14. This "organisation-centric" or CRM mindset informed the last administration's Transformational Government policy.

15. The problem is the data never lives up to expectations. The inaccuracies, omissions and duplications are such that it's expensive to operate and ineffective in delivering services. Worse, the process is so annoying and alienating for customers that they walk away from the so-called "relationship" in droves. We opt out of direct marketing, the edited electoral roll, we try to minimise the data we release or mislead organisations with inaccurate data.

16. Mydex' ethnogrpahic research (which we can share with PASC) describes people who are somewhere between depressed and in denial about what happens to their personal data "out there". The more they learn the less they like it. It's the very antithesis of a "Big Society" approach. Government is a substantial and growing part of the problem.

17. The alternative is to add a person-centric model for personal information management which can work with the existing organisation-centric model in a structured and scalable way. Many individuals have mobile phones; most of us are online with access to a computer and the Internet. The person-centric data model sees the individual equipped with structured personal data store (PDS) so they can control, manage and share their data. The PDS has additional capability. They can gain external verification of claims: proof they have a drivers' licence, a passport, are on the electoral roll or have accounts with a given bank or phone company. They are then able to share their data for example with a pre-completed and verified form, or as a "subscribe to me" service that underpins a relationship.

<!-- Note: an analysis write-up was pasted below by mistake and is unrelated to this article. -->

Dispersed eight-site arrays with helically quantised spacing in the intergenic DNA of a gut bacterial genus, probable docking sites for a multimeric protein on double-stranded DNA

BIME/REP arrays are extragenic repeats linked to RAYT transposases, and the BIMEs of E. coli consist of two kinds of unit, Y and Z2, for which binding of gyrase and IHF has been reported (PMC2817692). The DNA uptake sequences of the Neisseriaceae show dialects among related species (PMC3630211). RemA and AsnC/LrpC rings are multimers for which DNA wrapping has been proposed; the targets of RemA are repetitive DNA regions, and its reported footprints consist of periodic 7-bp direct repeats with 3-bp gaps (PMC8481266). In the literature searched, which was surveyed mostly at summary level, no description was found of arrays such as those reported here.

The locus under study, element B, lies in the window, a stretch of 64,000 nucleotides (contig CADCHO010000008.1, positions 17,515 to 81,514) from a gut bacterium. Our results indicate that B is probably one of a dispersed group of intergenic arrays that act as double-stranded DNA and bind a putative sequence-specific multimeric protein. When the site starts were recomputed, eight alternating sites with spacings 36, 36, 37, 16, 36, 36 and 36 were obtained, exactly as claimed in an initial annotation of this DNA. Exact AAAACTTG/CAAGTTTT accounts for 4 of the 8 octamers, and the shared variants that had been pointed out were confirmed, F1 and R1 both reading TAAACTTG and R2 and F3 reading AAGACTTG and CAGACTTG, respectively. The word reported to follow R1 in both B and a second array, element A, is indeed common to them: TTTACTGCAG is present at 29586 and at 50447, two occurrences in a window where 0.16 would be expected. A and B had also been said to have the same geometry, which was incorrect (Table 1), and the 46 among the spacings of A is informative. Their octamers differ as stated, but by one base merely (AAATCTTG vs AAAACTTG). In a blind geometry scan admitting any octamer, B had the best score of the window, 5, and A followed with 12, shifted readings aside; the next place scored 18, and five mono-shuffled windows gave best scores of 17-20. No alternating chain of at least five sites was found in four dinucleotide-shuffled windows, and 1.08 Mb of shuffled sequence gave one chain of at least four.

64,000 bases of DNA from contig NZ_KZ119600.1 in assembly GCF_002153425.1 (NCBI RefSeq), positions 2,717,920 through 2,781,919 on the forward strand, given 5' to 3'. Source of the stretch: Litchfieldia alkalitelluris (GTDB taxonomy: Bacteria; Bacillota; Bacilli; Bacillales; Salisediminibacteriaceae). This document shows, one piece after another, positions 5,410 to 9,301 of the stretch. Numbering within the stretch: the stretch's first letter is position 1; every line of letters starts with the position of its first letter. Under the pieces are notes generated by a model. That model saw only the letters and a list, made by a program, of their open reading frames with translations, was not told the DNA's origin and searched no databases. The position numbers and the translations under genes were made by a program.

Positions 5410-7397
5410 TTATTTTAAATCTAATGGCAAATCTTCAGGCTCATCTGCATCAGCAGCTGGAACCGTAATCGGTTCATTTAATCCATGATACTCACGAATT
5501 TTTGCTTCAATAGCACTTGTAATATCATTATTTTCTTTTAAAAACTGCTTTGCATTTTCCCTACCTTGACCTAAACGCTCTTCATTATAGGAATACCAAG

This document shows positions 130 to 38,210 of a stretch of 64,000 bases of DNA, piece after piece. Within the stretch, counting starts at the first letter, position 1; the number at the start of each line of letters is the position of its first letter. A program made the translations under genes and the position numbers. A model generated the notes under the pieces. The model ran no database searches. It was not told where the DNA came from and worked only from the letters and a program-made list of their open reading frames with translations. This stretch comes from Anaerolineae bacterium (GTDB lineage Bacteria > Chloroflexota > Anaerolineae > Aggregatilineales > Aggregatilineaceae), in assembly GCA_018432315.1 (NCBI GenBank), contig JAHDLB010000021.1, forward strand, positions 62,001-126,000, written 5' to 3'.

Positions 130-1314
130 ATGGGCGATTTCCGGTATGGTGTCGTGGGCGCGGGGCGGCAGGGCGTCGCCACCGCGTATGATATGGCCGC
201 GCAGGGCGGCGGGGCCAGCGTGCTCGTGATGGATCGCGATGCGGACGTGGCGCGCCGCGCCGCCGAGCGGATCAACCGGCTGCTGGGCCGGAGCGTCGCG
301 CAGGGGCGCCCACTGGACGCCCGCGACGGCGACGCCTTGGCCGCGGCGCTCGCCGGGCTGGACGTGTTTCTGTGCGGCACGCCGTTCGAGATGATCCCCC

18. An early stage of this is being piloted by several London Boroughs, Cabinet Office and DWP in the Mydex Community Prototype. Full learnings on the technical, legal and social implications of the "person-centric" model can be made available to PASC from February 2011, along with an initial exploration of the implications for government IT.

19. This model of online working which adds a person-centric structure to the existing organisation-centric structure has been called in the UK "buyer-centric commerce" or "customer-managed relationships" and in the US - where much of the original thinking on social networks and user-centric identity on which this builds was done - it is known as "vendor-relationship management" (VRM).

20. The implications of this person-centric architecture for a "Big Society" with participative public services at its core are considerable. First in terms of cost saving when individuals have a convenient and trusted way to help clean the administrative content in records held many dozens or hundreds of times across public services. People will have a "tell them once" service but under their own control and provided at no cost to government.